Queen Elizabeth II: A great oak has fallen from the landscape of our lives

The vast majority of people in the UK and its commonwealth have known just one Monarch. Elizabeth II has been a fixed point in the life of many nations and millions of people around the world.

Queen Elizabeth II

For some, leadership is sought but for others its thrust upon them by the way the cards fall in this great game of chance that is life.

Born the oldest daughter of the Duke of York, Elizabeth would never have expected to become Queen. Her life was destined to be that of a minor Royal, a country woman set to enjoy life with her horses and dogs and perhaps this is the life she would have craved.

But fate played its hand, her uncle’s abdication in 1936, followed by the death of her father in 1952, led to the longest reign in our history.

Queen Elizabeth II died the oldest monarch, who for 70 years watched the countries over which she reigned and the world change almost out of recognition.

She was not a highly educated woman but took on her duties with diligence and built an enviable set of skills. What she lacked in education, she made up for by observation and hard work.

Just two days before she died, Elizabeth asked Liz Truss to become her fifteenth Prime Minister. Her long period as head of state has brought that vital commodity of experience.

The Queen has seen Empire transformed into a Commonwealth of nations that came together just weeks ago in Birmingham for the spectacular games.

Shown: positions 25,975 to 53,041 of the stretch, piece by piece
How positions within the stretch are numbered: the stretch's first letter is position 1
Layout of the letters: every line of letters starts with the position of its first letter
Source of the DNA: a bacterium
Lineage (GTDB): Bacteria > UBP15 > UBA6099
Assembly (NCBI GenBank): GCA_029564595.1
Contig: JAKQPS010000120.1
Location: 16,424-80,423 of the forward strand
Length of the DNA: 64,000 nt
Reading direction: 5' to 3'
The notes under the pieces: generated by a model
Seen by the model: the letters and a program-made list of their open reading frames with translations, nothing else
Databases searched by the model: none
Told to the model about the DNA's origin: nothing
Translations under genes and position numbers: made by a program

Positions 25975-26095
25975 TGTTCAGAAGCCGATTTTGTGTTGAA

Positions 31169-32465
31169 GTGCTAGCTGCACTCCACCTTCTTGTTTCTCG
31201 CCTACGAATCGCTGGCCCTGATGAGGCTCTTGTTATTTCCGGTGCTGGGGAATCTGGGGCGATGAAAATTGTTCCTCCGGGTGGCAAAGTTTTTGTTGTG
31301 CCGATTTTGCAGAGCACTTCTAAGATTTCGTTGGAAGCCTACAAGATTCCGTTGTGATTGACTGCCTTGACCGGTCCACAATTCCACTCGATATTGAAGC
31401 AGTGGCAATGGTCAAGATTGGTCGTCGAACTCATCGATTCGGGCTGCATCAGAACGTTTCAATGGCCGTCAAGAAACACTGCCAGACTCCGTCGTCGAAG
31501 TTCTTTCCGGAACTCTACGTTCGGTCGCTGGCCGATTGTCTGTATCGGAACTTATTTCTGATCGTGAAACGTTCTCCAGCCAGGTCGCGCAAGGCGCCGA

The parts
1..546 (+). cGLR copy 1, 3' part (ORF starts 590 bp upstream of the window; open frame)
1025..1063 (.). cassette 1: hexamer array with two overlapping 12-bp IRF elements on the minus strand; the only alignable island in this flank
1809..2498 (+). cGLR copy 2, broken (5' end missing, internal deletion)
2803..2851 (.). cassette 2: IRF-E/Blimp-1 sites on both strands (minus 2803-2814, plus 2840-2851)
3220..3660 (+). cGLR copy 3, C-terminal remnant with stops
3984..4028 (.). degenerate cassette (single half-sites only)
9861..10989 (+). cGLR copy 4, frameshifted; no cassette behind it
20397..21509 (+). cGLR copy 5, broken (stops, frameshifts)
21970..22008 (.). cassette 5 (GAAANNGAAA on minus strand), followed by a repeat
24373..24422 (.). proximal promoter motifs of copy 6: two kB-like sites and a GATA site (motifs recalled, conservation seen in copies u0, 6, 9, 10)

Her task has been to unify, to get on with people of widely disparate opinions and cultures.


As monarch, she has in many ways led a blessed life, never having to worry about the issues that concern the rest of us like paying bills. The best of medical care has always been at hand.

But there is another side to the coin. Having to dress up and be pleasant at endless garden parties and other such functions requires inestimable patience and discipline.

For Elizabeth the need for diplomacy and neutrality must have been a trial. Never allowed to have an opinion, or at least never able to voice that opinion, she has demonstrated extraordinary self-control.

Like so many families there has been a share of ups and downs, highs and lows. She learned better than most the joy and trials that children and grandchildren can bring.

There will be many people both monarchist and not, that feel huge admiration for so many years of service. Even those who have little enthusiasm for the institution have great admiration for the woman.

Her life has been one of sacrifice and so that of her bellowed late husband Philip who gave up a promising naval career for a life constantly one step behind his wife.

Elizabeth had to adapt to a massively abnormal life as a young women. She has done it well and has worked hard to adapt the institution of monarchy to an ever changing world.

This requires the leadership, people skills, discipline and down right hard slog that would challenge any business leader in his or her prime, never mind into their 90’s.

How successful she has been only time will tell.


Adapting young is tough but to have to do it well into your eighth decade is a huge ask, but this is what faces King Charles III. Many people have to show patience but 73 years is a long time to have to wait for a job in which the vacancy only comes after the death of your mother. Habits and behaviours become part of our DNA and yet Charles will have to make changes at a time of life when to do so, will be incredibly difficult. It is a challenge that in its own way is just a big as that faced by his mother when she became Queen all those long years ago. His reign, at least compared with Elizabeth, will inevitably be relatively short but it will probably determine the future of an institution that his mother worked so hard to keep relevant.

One thing is for sure, he has a hard act to follow and for all of us, life will never be quite the same again.

RIP Your Majesty.